Resources Newsletter Archive It's Time to Check Your Alignment (March 2004)

It's Time to Check Your Alignment (March 2004)

Beyond The Billable Hour™

Making the Hours of Your Life Worth More™

Live the life you dreamed of before law school
Envision new possibilities for your life
It's time for a life worth more than the billable hour
To subscribe to "Beyond the Billable Hour"™ go to

It's Time to Check Your Alignment

 Issue # 32

March 2004


"We have patience for everything but what is most important to us. We look at the life of our own most central imaginings and see it beckon. For the most part, we have not the courage to follow it, but we do not have the courage to leave it. We turn our face for a moment and tell ourselves we will be sure to get back to it. When we look again, ten years have passed and we wonder what in God's name happened to us.

We sabotage our creative possibilities because the world revealed by the imagination may not fit well with the life we have taken so much trouble to construct over the years. Faced with the pain of that distance, the distance between desire and reality, we turn just for a moment, and quickly busy ourselves. But then we must live with the consequences of turning away."

~David Whyte [1]


During a consultation at a law firm, two attorneys shared very poignant stories. While in the middle of significant projects, both had received news that their fathers were near death. One had informed both partners and clients that she needed to leave town. Years later she is still grateful that she arrived home in time to say goodbye to her father. The other lawyer made a different choice: she put her work first. To this day, she regrets that her father died before she had a chance to say her final farewell.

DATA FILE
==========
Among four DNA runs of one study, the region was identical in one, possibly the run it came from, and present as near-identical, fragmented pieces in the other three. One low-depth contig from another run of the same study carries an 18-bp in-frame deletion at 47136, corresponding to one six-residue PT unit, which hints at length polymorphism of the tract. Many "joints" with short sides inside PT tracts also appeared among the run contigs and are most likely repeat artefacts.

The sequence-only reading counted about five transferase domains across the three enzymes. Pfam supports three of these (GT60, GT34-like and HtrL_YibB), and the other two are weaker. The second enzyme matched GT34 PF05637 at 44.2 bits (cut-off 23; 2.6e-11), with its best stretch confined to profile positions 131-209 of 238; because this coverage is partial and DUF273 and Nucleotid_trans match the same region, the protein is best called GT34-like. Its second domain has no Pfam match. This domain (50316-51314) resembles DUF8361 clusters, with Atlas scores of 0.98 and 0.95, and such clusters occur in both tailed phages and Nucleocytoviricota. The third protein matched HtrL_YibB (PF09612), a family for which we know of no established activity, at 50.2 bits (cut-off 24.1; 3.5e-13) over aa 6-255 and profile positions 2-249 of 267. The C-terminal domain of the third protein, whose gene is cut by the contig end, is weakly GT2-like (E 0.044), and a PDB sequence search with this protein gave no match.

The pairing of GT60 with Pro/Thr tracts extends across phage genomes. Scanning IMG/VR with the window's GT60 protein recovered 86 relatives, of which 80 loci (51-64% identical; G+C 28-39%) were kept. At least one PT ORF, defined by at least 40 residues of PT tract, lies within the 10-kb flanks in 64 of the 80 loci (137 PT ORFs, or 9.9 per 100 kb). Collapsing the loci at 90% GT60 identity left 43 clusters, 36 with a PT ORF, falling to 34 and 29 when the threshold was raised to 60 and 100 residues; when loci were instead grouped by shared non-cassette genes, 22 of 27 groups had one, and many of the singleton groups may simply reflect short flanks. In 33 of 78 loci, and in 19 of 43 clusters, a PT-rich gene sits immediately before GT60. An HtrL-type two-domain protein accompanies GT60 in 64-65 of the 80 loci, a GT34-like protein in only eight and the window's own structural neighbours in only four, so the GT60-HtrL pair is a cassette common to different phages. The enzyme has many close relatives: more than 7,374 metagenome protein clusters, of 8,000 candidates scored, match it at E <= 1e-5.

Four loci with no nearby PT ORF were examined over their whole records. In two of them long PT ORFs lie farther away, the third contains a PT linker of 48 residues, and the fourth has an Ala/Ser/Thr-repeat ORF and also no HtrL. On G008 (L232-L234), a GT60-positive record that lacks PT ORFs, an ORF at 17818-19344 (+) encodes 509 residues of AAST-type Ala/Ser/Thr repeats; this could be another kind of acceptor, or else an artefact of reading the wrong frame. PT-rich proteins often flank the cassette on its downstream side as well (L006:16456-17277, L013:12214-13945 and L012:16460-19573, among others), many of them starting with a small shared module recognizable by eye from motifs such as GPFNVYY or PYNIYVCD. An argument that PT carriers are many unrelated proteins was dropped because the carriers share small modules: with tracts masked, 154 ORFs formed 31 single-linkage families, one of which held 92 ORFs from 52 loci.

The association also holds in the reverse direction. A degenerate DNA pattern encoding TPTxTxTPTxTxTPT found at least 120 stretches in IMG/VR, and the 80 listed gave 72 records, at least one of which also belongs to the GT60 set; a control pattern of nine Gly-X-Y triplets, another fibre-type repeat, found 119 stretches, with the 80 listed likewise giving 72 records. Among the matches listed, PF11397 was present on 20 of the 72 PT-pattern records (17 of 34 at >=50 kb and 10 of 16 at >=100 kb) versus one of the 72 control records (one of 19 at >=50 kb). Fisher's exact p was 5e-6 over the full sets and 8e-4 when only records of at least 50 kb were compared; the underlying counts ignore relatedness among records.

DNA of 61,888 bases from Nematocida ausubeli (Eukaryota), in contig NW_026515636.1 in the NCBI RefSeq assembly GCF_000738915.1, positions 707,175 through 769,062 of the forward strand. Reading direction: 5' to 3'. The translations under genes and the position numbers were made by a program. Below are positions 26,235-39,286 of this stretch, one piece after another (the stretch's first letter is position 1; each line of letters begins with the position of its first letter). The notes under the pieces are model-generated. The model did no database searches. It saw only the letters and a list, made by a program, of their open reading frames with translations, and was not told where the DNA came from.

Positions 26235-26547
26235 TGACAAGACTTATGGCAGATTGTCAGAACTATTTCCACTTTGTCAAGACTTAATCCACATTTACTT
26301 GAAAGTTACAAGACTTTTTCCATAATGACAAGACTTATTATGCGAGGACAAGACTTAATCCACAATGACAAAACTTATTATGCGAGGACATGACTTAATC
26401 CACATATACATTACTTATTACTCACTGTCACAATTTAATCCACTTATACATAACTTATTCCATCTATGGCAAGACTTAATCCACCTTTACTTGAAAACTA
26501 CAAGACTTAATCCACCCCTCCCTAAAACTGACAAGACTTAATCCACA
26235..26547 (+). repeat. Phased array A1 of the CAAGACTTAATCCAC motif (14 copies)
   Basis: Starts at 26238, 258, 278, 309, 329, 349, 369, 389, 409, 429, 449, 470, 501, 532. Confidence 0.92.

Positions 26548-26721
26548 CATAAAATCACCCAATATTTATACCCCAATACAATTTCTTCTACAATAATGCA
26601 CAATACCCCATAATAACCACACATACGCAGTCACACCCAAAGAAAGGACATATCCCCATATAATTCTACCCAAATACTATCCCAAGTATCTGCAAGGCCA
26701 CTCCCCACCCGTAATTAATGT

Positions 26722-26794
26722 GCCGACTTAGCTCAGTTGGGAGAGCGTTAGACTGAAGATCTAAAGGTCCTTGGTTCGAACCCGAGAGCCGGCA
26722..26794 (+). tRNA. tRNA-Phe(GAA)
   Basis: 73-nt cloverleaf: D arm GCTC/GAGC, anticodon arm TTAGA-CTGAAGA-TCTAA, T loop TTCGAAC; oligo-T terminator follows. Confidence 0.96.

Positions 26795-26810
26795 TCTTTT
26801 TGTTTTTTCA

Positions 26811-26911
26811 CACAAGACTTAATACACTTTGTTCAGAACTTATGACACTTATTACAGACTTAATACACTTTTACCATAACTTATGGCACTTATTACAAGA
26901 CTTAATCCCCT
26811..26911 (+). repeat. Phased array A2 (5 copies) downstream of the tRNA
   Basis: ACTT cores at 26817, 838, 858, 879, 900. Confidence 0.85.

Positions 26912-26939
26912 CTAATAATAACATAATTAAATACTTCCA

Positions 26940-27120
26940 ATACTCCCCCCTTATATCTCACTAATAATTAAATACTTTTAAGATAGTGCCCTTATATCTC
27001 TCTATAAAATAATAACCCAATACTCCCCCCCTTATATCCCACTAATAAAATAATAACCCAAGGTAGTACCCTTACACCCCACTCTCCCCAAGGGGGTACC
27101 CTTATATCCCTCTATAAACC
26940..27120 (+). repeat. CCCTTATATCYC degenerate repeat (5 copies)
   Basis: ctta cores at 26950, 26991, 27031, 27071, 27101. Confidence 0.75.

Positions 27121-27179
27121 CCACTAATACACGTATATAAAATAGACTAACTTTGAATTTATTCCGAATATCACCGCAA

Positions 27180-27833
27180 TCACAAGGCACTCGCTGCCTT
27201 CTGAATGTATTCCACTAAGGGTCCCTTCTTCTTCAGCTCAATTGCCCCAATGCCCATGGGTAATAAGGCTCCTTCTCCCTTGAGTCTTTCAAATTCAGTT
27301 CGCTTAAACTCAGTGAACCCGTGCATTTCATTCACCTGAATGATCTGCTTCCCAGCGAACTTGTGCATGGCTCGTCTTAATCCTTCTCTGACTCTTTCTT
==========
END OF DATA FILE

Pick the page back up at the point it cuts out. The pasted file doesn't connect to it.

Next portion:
Not every story about the need for re-alignment is this dramatic. One attorney recently confided to me that she'd worked very hard to become partner at her firm. Now that she had brass ring in hand, she realized she had no idea why she was there or where she was headed. She'd planned only to work there long enough to pay down her law school debt. Then she got caught up in the partnership tournament. Ten years later, she'd logged in 2500 billable hours a year or more, and had sacrificed developing intimate relationships. She wasn't unhappy with her work. But she'd always been guided by the expectations of partners, and now, a partner herself, she had no internal compass to guide her. She saw her partnership as an opportunity to take on a leadership role in her firm, but wondered how she could lead others when she didn't feel as if she'd been leading herself.